Another Opernfestspiele review is up—this time of Arabella. Strauss isn’t my favorite, and this is not even his best opera, but I still enjoyed it a lot. The staging of the final scene was absolutely perfect. And Anja (our Arabella) is a goddess.
Yesterday in Stuttgart, I saw Der Rosenkavalier for the first time. It was very confusing. Musically, it was my favorite Richard Strauss opera so far, but Herheim’s very psychological production was probably not the best choice for the previously uninitiated. I’m not even going to try to make this a proper review—that would imply that I had some clue what was going on. I didn’t. Even the (in retrospect) most obvious part of the conceit—that the entire opera was happening inside the Marschallin’s dress—wasn’t clear to me until some kind Twitter opera-goers answered my plea for help. Intermezzo has the best description and analysis of the production I could find, so read that post if you want an understandable account of what I saw. (And go there regardless for more photos!) What follows will be extremely speculative.
As the dress setting (which we were really hit over the head with; I’m kind of embarrassed not have grasped that sooner, on my own) implies, this whole production is a sensual fantasy of the Marschallin’s. You get the sense that it’s a regretful fantasy—Sophie (whose costumes match hers) is her younger self, whom she wishes an Octavian had rescued from a marriage of convenience, just as he ultimately rescues Sophie. And “rescue” is the right word: to emphasize the drama of salvation, Octavian fights off a herd of lustful satyrs who attack the Marschallin in the overture. The satyrs will be back, though, as the attendants of Baron Ochs (and sometimes also the Marschallin). I’m still fuzzy about exactly what function they’re fulfilling; traditionally, satyrs onstage underscored (and allowed for) the nobility of the other characters because they were the separately embodied base aspects of human nature. Here, they (with in-your-face rubber genitals always hanging out) seem to merely contribute to a world that is full of debauchery and cupidity wherever you look.
Other animals appear, too, as predictable instantiations of various characters’ personalities. There’s even an ostrich (Strauss) to represent the composer. Ochs nearly strangles him, trying to prevent the end of the opera in which youth and innocence triumph (and the satyrs retreat). But, of course, the opera must end. The Marschallin (who is also Europe) descends from the skies, wielding the opera’s famed silver rose as a magic wand with which she sets all to rights. At one point, Pan (who is on the also-horned-like-an-ox Baron Ochs’s side) steals the rose, replaces it with a version he has made from the shards of the Marschallin’s smashed mirror, and hands it to Ochs. It seems like debauchery might triumph. But Ochs has been discouraged by his recent humiliation. He smashes the rose and shoots off the stage in a shower of sparks. Octavian and Sophie help the crying Pan gather up the pieces of the rose, and Octavian tosses them into the skies to form the stars. He and Sophie sing their final duet in a beautiful, starry dreamscape, while the Marschallin and Faninal comment from the side boxes of the opera house (where they sit wearing modern opera-going outfits) that youth is thus. Pan upstages the ending by eating a remaining shard of broken glass and dying bloodily. Presumably, this is Herheim’s rather tasteless comment on the opera’s outcome. Continue reading A Strauss opera in a dress?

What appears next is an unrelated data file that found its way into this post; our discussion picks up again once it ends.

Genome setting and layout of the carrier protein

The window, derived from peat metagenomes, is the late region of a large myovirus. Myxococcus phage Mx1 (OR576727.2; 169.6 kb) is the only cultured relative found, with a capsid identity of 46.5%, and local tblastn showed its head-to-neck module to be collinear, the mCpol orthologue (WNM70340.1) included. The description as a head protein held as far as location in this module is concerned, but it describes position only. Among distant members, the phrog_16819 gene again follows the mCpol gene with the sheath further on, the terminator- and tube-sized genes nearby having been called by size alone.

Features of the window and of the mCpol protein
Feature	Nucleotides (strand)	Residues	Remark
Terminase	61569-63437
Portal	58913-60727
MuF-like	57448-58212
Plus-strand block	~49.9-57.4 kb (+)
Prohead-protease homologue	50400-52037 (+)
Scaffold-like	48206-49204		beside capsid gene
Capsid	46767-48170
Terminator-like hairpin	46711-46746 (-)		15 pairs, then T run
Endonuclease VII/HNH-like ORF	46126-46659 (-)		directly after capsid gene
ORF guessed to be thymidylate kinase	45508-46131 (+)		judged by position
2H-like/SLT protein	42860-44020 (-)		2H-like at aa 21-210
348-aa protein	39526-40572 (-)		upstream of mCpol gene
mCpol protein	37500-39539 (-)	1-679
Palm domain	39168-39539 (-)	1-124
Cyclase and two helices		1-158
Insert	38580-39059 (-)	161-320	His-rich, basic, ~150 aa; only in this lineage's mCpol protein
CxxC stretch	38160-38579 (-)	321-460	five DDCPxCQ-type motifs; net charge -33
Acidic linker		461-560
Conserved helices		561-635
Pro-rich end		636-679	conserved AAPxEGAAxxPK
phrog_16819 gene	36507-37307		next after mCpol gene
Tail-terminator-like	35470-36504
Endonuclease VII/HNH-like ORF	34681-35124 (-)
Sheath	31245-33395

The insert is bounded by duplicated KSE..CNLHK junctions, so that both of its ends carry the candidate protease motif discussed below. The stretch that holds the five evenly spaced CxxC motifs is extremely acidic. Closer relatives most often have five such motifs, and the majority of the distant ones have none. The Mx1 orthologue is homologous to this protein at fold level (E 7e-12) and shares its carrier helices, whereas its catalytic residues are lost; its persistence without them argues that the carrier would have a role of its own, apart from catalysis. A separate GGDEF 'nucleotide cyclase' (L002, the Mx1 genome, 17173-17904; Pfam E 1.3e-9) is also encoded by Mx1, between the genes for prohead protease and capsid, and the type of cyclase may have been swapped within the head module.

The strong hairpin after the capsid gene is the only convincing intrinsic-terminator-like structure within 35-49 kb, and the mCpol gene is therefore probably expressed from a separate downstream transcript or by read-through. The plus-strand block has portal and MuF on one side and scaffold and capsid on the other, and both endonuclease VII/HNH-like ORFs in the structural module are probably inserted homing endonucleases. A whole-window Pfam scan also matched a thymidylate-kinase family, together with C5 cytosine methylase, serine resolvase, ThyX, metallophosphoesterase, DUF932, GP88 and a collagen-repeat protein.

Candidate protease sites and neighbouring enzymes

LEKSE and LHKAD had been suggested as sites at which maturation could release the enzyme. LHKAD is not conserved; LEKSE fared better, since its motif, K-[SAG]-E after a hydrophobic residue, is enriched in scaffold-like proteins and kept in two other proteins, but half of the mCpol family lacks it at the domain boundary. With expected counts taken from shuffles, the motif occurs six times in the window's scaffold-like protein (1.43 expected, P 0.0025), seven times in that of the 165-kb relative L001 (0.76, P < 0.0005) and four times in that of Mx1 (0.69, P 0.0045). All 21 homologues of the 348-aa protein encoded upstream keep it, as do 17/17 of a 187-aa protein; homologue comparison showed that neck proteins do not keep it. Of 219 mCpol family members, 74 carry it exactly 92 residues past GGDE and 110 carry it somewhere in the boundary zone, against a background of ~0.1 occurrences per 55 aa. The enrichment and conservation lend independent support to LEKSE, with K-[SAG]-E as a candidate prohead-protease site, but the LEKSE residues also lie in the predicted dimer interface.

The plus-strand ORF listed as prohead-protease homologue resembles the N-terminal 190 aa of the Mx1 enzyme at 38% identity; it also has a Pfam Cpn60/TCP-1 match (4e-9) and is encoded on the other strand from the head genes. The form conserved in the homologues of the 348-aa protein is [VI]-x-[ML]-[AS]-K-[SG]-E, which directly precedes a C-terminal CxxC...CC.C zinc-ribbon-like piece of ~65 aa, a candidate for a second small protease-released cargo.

Everyone keeps telling me that if I’m going to fall in love with Strauss, it will be at Salome or Rosenkavalier. Of course, I keep ending up at Ariadne and Schweigsame Frau and Frau ohne Schatten instead. The last one (translatable as “the woman without a shadow”) is what I saw for this first time (barring studying a recording) on Saturday. My review is here. (It even includes a plot summary, if you’re wondering about the opera’s strange name.) I’m not in love with Strauss yet, but I was still thoroughly impressed by the singers, conductor, and instrumentalists.
When I was looking at the Munich theatre calendar a few weeks ago, I had a brilliant idea. Strauss’s Die schweigsame Frau was playing at the Staatsoper. At the same time, a new play called Das schweigende Mädchen was playing at the Kammerspiele. While these probably didn’t have much to do with each other other than the titles, wouldn’t it be fun to see them both and write a joint review?
As it turns out, my brilliant idea was not so brilliant, because I have no clue what happened in Das schweigende Mädchen. It was an unstaged reading, and the lack of stage action made it difficult for me to follow the plot (and also nearly put me to sleep). It doesn’t really help that this contemporary piece was about the NSU trials, which I hadn’t heard of and knew nothing about. It drew parallels (or rather, opposites?) between the trials and the Bible, and the eponymous girl was sometimes the virgin Mary. The characters seemed to be a judge, three angels, Jesus Christ, and two prophets (or maybe they were the same person—they were identically dressed and mimicked each other’s gestures). There was a bit about cats going to heaven. And that is literally everything I can tell you about this play.